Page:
Tora is a four-piece electronic band born in Byron Bay, Australia. The group formed in 2013, fusing plush, layered production and instrumentation with graceful vocals. Their soulful electronic music has had them compared to seminal artists such as Radiohead and James Blake. Tora has been busy touring and making a name for themselves at venues and festivals such as Glastonbury, Falls Festival, Splendour In The Grass, The Great Escape UK and Canadian Music Week.
We sat down to speak with vocalist and guitar player Jo Loewenthal about their workflow in Reason both in the studio and on tour.
What’s your favorite addition in Reason 10?
I love Europa, that thing is such a beast, it’s got everything that I wished Thor had!
How do you get started with a new song? What sparks your creativity?
Usually I just sit down, load up an instrument and just play the first thing that comes to my head. I find if I don’t think about it and just roll with the first ideas, and keep following that path I usually end up with something I like. Once I’ve written some parts on a couple of instruments, I tweak the sounds to be the way I can imagine them to be in my head. I find that the times when I go in trying to create a particular vibe, it restricts me and prevents me from discovering new things, so I like to approach it all freely and just listen to my subconscious ideas as they pass through my mind.
What’s the best music making tip you ever got?
When something isn’t impacting like you want it to, try muting some layers, it creates space and helps you realise what is clashing or what isn’t working. Also make sure that every layer sounds nice on it’s own.
“try muting some layers, it creates space”
Do you have any special Reason production trick that you always use?
I try not to use the same tricks in everything, to avoid sounding the same always, but I do love sidechaining long reverbs to give the whole track a pulsing vibe. I’ll make a parallel of an instrument or vocal part, then put a long reverb in the rack on that channel and set it to fully wet, then have a compressor after it and have a kick pattern routed into the side chain on the compressor. You can mix it in as loud or soft as you like, I usually keep it quite subtle but I find it adds a lot to the track when used in the right way.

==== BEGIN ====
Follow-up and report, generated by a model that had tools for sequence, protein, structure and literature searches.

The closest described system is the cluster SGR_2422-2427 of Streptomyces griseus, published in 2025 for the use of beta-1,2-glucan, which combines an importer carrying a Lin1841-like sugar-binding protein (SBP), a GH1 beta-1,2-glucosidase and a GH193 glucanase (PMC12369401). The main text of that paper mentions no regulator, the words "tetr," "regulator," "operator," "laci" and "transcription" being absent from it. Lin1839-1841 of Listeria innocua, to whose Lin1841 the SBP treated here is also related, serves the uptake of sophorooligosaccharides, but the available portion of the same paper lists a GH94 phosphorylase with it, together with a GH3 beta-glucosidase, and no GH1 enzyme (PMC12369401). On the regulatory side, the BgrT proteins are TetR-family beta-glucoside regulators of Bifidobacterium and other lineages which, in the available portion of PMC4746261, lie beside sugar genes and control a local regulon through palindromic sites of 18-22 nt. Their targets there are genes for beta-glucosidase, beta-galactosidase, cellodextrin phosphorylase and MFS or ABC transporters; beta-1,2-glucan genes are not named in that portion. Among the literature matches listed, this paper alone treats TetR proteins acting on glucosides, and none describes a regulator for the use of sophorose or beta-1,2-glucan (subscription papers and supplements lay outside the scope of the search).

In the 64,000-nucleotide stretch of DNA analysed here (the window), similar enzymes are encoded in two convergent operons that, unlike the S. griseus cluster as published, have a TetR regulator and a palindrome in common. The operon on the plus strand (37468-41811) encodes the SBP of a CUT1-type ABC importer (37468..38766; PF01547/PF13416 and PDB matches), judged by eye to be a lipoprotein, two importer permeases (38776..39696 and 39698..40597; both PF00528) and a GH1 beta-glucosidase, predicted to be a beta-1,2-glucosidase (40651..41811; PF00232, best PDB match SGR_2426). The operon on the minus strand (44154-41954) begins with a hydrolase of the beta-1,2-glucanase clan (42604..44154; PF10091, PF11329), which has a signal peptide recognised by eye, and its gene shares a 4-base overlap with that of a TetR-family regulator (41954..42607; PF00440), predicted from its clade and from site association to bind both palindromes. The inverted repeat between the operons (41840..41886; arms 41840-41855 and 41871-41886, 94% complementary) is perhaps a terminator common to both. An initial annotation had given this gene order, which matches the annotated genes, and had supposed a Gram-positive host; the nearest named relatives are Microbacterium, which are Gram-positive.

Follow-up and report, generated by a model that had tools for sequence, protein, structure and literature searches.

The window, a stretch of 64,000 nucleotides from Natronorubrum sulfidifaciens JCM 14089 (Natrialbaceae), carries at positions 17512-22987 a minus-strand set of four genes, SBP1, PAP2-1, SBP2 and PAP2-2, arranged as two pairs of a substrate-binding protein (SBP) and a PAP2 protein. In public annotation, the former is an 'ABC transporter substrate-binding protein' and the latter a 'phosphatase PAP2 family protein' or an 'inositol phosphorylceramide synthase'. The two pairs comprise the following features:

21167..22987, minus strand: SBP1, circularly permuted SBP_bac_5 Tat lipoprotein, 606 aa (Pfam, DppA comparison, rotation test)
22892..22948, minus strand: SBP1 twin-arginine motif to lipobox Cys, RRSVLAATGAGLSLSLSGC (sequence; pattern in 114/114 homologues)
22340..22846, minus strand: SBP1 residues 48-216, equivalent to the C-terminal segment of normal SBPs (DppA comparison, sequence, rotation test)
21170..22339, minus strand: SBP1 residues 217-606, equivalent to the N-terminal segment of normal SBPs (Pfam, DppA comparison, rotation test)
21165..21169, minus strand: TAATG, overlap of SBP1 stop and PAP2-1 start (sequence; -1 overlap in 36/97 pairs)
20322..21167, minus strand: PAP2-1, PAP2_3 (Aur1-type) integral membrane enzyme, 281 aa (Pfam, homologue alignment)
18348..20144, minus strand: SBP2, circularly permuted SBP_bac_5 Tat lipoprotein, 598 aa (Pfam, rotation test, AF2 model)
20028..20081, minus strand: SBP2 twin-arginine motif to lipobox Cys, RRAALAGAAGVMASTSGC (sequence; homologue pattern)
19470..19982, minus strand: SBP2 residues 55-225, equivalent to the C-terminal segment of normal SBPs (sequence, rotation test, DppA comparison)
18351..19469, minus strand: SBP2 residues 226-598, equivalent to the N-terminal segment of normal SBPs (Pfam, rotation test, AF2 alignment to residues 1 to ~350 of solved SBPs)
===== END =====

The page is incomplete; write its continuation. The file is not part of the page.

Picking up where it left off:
The three most used devices in your Reason rack?
- Pulveriser is easily my most used device, I use it on almost everything.
- Audiomatic Retro Transformer is also something I use a lot, especially on synths.
- NN-XT is the most used instrument for me, I often sample my own sounds and put them into the NN-XT, I just love how much control it gives you.
Jo in the Propellerhead Studio in Stockholm.
What do you do when inspiration just isn’t there?
Well that’s very rare, but it can happen. Usually I’ll go for a walk, or do something physical and completely unrelated to music to clear my head, then come back to the studio and listen to some music I’ve never heard before, also some of my favourite artists to get perspective. Usually by that point I’ll be ready to make music, but if not then I guess I’d just come back tomorrow, but I don’t think that’s ever happened.
“what am I listening to? This guy is twisted”. I thought it was terrible”
What’s your all-time favorite album?
This question is impossible to answer, because I have too many faves. But there’s one album that really changed my perspective on music. I remember the first day I heard it I thought to myself: “what am I listening to? This guy is twisted”. I thought it was terrible. But came back to it a couple of weeks later and suddenly I understood it and from that day on I had a completely different outlook on music. For me, this album is the most original and inventive piece of work I’ve ever heard, I don’t know how he imagined it up.
James Blake – James Blake (2011)
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